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The first time I climbed these two Adirondack Mountains, I went alone. It was a day of personal reflection, and I never remember considering the leadership principle of teamwork.

The summer had been hot and dry, so crossing the small and lazy Indian Pass Brook was uneventful. I was on my way to “Street and Nye,” numbers twenty-two and twenty-three of my quest to climb all forty-six of the Adirondack high peaks.

But this time was different; my hike came at the end of a long, snowy winter after three constant days of torrential rains. I was climbing with one of my sons, my eight-year-old granddaughter and a good friend.

Imagine our surprise when we discovered that Indian Pass Brook was more like a raging river than a babbling brook! The best crossing we could find was still forty feet wide, almost waist deep, brutally cold, and moving swiftly.

This presented two basic problems: keeping my granddaughter dry and maintaining secure footing. My granddaughter is an incredible hiker; as a matter of fact, these were her sixteenth and seventeenth high peaks–but we still did not want her in the cold water. My son said he would carry her on his back.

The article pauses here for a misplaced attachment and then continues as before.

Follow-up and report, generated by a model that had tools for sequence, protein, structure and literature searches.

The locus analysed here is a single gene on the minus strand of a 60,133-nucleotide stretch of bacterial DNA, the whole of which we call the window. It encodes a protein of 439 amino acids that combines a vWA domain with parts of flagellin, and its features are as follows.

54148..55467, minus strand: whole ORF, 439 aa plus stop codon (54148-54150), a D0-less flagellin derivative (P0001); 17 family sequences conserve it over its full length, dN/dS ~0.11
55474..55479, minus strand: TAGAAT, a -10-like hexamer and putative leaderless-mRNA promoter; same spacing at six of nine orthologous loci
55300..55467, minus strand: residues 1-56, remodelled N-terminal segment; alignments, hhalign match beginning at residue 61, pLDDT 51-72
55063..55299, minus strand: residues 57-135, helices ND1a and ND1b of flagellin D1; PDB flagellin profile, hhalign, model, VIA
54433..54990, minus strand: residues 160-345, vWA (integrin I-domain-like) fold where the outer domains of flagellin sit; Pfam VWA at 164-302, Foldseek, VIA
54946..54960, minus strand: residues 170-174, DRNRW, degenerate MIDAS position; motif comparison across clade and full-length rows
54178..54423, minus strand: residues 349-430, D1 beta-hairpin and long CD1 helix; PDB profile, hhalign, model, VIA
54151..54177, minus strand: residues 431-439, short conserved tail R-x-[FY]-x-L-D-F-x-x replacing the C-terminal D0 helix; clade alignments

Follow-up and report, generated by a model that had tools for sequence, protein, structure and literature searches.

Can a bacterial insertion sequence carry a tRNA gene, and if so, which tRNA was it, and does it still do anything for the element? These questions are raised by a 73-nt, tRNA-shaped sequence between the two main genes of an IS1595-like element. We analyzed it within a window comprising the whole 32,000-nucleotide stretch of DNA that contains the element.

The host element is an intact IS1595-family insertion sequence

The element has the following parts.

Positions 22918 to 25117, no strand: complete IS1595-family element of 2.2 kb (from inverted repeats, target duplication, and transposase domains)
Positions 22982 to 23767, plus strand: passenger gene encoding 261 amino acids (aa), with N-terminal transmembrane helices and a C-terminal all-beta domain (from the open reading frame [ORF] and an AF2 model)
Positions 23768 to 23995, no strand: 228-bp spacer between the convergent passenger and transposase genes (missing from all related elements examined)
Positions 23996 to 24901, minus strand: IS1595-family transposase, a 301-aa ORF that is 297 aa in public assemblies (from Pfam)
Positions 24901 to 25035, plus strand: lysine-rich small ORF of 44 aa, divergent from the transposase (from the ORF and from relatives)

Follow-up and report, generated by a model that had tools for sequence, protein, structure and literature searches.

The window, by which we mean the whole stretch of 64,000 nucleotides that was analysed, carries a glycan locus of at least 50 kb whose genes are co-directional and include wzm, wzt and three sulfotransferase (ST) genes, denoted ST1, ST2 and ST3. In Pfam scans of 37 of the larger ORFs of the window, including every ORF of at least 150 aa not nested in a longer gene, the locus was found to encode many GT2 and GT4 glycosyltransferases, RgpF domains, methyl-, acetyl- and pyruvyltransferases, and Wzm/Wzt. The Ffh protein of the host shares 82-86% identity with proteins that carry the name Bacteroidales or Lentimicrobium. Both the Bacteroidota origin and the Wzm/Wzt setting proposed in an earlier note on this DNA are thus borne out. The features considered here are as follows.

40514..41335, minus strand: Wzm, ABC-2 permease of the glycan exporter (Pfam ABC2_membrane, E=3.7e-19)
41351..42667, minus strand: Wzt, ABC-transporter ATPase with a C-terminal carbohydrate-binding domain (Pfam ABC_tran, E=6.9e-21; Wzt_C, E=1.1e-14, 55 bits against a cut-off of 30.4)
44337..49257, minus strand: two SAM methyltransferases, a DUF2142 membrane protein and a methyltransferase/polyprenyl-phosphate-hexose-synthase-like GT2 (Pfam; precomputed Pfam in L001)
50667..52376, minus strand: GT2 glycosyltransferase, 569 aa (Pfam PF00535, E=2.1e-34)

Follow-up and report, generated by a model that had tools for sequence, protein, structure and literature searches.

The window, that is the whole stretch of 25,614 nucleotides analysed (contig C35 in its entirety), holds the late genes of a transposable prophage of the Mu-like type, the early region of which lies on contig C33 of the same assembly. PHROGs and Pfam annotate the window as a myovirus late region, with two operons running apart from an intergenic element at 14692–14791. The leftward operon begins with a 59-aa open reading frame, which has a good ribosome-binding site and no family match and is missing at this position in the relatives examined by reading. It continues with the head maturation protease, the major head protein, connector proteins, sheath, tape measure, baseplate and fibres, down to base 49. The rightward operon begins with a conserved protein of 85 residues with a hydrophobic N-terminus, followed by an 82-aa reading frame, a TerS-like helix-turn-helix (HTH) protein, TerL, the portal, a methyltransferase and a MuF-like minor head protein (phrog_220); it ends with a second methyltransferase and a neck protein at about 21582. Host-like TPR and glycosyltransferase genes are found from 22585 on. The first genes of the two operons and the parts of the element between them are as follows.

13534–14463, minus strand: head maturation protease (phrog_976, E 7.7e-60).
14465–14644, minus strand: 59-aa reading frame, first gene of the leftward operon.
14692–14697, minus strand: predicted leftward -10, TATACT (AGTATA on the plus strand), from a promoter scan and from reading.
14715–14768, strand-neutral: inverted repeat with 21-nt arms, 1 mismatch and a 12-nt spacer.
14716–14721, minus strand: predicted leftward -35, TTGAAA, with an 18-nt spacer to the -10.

Our other problem was addressed when my son mentioned reading about a technique using a “pole” to aid in the crossing. The three of us grabbed hold of a small sapling with my son and granddaughter in the middle (pictured above). As we walked across the brook, my body broke some of the current from the upper position on the pole. One person moved and secured his footing; then the next, until all three had taken a step forward.

When one of us would lose footing, it became obvious how critical the other two men on the pole were to the process. This was The Power of Teamwork poignantly demonstrated, and that reminded me of the truth of Ecclesiastes 4:12.

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